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Discussion Starter · #1 ·
I talked to a friend who had been in a shooting with an armed suspect several weeks ago and thought there might be some helpful hints to pass on. The encounter happened at about 5 ft distance with the suspect raising his pistol up. My friend had a .357 Sig with the 125 gr Speer HP. 2 double taps center mass put the guy down on the ground, but the subject started to raise his arm with the pistol again and 1 more shot required to stop the suspect. My friend stated that he was a little surprised that it took so much to stop this guy. It just goes to show that even when using "magnum" type rounds that the bad guys don't always drop in their tracks and sometimes even a double tap is not enough. This is something to keep in mind in deciding your choice of carry weapon.
 

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Pistolpete, one of the problems I have with IDPA matches is the tendency to figure on two shots per target all the time. (Yes, I realize that IDPA is a competition, not tactical training.) The reason stated for the two-per-target is supposedly ease of keeping score. I say 'Bollocks!', to steal from our British friends. There should be some three (or more) per target stages, along with the occasional Mozambique/Failure to stop drills thrown in sometimes. And also perhaps some targets that are "wearing" shirts or plastic bags, etc., to obscure the scoring rings. Keeps you from getting too dialed in on doing things the same way time after time.

Fortunately there's one match director around these parts who thinks a bit differently than most, and mixes things up some. His matches I regard as good practice/training.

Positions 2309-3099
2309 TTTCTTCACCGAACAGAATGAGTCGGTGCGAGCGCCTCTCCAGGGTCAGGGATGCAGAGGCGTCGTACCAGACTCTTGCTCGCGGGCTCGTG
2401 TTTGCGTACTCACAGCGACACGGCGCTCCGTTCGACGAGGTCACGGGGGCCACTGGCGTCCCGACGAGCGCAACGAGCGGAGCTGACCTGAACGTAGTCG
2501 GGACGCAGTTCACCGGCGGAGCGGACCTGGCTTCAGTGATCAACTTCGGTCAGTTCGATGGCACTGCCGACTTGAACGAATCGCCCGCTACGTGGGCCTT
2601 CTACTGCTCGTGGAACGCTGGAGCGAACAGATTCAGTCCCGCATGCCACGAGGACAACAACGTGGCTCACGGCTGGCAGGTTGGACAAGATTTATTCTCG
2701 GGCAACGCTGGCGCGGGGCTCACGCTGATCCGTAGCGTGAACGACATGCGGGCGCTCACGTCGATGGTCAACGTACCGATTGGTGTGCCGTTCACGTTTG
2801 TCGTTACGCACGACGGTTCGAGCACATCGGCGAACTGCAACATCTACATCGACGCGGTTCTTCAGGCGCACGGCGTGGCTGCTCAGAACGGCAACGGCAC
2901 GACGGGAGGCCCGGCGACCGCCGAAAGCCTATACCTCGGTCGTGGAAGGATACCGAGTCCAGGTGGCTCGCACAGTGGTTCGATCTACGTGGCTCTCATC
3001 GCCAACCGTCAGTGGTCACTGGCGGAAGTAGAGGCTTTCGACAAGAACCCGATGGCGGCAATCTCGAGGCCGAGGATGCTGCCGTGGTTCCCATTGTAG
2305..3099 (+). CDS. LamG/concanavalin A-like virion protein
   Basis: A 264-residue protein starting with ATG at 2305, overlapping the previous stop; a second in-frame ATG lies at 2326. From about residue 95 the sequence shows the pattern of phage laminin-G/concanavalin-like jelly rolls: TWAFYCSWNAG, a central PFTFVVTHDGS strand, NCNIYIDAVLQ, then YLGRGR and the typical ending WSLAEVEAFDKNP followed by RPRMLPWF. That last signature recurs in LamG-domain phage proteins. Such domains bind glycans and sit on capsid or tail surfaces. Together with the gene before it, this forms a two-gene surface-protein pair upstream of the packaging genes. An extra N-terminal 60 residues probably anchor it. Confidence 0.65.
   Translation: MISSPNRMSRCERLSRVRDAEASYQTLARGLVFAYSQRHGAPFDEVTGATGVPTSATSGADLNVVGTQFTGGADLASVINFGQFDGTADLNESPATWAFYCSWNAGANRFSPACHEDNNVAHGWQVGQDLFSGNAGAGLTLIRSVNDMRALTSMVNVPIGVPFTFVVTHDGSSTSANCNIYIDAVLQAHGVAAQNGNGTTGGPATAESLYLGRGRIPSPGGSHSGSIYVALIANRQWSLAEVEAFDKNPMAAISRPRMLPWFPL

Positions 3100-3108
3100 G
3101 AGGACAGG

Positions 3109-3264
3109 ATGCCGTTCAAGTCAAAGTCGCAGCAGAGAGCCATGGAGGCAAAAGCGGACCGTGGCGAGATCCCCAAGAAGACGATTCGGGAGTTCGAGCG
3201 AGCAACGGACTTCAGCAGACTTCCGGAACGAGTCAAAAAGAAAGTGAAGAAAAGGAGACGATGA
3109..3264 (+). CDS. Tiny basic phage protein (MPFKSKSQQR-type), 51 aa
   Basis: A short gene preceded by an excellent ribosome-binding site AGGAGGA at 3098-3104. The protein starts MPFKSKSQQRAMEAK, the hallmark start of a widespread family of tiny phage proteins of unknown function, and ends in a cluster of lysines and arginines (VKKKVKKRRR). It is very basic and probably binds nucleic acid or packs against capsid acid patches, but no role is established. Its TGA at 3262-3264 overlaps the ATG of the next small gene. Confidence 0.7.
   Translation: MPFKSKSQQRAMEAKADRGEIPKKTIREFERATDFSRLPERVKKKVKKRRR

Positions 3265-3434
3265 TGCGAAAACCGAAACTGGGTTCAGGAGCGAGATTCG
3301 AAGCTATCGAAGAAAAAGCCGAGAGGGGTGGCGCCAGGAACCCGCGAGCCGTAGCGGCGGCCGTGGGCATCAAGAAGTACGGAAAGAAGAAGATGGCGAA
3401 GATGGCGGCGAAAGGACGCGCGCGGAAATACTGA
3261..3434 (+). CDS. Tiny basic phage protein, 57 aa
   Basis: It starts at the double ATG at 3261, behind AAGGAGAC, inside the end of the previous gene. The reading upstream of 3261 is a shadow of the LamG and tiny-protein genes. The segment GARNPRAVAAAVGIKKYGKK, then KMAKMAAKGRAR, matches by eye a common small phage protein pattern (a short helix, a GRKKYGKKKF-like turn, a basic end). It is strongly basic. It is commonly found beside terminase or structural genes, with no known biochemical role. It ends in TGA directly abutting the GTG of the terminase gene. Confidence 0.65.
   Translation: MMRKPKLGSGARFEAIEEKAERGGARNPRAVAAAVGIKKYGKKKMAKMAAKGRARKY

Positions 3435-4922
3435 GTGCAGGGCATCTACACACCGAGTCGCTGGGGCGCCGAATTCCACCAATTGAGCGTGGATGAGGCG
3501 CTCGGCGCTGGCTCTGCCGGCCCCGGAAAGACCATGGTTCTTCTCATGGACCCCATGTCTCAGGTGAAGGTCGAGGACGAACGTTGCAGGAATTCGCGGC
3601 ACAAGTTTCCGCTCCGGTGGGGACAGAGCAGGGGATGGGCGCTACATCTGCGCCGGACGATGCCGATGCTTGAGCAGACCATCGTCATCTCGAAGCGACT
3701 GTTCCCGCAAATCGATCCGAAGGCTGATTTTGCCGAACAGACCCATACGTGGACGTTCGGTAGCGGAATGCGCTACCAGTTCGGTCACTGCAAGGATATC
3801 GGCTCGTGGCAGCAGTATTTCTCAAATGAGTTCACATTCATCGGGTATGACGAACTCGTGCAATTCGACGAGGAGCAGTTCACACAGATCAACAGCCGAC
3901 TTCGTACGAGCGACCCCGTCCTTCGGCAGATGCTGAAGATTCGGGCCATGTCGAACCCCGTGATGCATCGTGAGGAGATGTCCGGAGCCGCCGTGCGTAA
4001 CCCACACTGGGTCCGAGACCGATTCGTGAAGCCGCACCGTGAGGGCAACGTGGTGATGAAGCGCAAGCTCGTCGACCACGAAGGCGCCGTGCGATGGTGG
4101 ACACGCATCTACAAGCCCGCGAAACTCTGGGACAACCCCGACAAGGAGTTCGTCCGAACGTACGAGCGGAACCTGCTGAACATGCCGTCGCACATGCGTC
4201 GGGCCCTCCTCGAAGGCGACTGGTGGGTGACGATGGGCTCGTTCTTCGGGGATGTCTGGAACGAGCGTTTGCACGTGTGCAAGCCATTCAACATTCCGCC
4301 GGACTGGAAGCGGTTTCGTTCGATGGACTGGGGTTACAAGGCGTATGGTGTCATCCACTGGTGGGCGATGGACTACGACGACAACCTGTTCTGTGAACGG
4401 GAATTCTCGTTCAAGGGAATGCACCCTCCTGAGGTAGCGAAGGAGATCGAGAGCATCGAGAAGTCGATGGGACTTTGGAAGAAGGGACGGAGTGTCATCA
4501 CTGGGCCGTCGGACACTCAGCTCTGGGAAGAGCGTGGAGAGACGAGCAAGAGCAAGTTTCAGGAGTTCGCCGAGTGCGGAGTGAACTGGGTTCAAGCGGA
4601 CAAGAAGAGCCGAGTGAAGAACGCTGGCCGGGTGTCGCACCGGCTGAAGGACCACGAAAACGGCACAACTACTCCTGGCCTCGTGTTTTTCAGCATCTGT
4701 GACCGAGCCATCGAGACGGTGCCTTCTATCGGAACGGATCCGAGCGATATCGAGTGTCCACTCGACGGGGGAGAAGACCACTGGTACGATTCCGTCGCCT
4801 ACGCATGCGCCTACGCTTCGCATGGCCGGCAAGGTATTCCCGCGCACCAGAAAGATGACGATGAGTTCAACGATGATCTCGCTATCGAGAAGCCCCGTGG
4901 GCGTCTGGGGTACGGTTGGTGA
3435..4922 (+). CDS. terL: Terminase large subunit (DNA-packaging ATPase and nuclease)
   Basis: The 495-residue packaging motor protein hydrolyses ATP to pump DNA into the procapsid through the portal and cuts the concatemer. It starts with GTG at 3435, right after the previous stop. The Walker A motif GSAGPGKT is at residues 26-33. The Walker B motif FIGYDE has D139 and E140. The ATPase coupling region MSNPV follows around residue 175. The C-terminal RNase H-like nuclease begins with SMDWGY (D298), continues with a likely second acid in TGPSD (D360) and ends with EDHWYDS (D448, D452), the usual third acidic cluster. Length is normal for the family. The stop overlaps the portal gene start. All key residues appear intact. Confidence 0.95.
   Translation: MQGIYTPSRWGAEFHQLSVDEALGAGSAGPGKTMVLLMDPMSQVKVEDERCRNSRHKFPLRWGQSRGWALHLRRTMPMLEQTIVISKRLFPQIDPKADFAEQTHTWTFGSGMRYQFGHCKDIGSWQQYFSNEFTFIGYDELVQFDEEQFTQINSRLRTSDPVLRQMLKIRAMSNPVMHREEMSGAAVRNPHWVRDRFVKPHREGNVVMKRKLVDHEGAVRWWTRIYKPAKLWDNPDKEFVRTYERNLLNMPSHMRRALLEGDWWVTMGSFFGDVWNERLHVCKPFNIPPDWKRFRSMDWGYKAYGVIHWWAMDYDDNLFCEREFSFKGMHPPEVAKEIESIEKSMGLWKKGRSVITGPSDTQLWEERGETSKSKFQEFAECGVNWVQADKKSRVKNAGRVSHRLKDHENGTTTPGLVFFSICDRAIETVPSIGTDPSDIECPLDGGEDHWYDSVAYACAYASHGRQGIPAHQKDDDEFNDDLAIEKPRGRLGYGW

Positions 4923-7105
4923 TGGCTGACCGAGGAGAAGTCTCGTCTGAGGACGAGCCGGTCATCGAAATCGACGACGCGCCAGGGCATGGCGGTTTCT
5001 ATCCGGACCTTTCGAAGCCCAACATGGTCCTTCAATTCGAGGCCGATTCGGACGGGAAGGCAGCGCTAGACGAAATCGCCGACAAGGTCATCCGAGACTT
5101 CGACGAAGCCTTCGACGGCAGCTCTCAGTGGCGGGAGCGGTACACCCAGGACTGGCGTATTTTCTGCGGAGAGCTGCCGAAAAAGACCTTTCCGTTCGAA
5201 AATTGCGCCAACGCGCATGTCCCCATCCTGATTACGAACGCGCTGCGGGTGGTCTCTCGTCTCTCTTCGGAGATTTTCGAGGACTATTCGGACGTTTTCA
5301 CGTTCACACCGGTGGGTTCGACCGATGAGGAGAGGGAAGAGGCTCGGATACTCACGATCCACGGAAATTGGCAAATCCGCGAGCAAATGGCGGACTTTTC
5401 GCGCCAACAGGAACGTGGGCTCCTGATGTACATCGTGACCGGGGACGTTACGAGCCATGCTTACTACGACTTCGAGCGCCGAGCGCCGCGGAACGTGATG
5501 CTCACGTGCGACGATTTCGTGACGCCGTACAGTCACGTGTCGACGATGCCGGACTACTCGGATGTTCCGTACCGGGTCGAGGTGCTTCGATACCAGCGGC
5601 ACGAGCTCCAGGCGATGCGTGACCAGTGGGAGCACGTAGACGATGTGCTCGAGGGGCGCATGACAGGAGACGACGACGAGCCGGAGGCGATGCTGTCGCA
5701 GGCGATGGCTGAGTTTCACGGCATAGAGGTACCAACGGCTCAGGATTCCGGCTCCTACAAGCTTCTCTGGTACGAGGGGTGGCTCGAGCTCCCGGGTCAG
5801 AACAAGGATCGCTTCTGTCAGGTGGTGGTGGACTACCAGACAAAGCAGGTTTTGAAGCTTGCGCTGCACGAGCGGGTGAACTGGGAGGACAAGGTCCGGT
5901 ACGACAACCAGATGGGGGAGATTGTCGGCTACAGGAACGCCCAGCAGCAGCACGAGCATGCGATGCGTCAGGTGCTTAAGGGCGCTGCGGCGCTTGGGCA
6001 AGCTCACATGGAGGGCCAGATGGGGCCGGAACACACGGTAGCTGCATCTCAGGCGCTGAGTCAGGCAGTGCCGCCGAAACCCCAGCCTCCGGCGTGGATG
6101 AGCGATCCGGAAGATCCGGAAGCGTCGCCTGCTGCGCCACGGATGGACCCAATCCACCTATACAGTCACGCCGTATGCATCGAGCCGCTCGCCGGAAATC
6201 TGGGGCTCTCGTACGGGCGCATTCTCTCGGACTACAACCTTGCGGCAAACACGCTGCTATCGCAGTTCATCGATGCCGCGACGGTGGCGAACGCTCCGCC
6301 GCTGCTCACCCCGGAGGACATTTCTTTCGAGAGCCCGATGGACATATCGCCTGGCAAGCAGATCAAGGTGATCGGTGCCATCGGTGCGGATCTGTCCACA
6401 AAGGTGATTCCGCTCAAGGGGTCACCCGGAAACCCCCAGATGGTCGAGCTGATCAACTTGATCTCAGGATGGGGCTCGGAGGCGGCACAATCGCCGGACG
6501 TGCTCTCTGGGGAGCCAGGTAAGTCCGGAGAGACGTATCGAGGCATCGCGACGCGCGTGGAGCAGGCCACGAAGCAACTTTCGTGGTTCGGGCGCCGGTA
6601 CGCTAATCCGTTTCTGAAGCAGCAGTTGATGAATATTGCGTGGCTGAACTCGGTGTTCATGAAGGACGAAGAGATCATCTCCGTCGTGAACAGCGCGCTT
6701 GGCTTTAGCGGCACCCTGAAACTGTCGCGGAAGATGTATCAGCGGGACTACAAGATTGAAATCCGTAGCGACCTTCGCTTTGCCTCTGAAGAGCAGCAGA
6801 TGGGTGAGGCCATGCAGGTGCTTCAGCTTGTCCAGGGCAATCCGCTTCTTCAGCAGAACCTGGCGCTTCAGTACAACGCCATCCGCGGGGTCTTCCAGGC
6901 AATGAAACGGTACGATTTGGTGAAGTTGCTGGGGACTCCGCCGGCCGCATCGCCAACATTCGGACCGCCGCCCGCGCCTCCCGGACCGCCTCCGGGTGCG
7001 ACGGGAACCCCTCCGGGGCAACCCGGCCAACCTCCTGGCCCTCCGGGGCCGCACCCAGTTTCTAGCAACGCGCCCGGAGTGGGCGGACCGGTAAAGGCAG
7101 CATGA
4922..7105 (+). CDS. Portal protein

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Hello. Yes, it is surprising, but is not at all uncommon. I'm glad your friend survived. Hopefully, the bad guy has been permanently "rehabilitated." Most of the time, I think we are wise to expect our shots to fail to immediately stop violent aggression. It seems that the mechanism of collapse sadly requires time at a time when seconds seem like eternity.

Best.
 

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What the other guy had isn't very important. What is important is that he didn't get to use it because the good guy didn't stop thinking and acting just because he had to good hits COM. That's the lesson to be learnt here. Act, assess, act.
 
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Discussion Starter · #6 ·
I know it's not tha timportant to this situation. I just try to keep track of what criminals are using. I have some ideas about how and where they get guns, and I'm trying to find out if I'm right.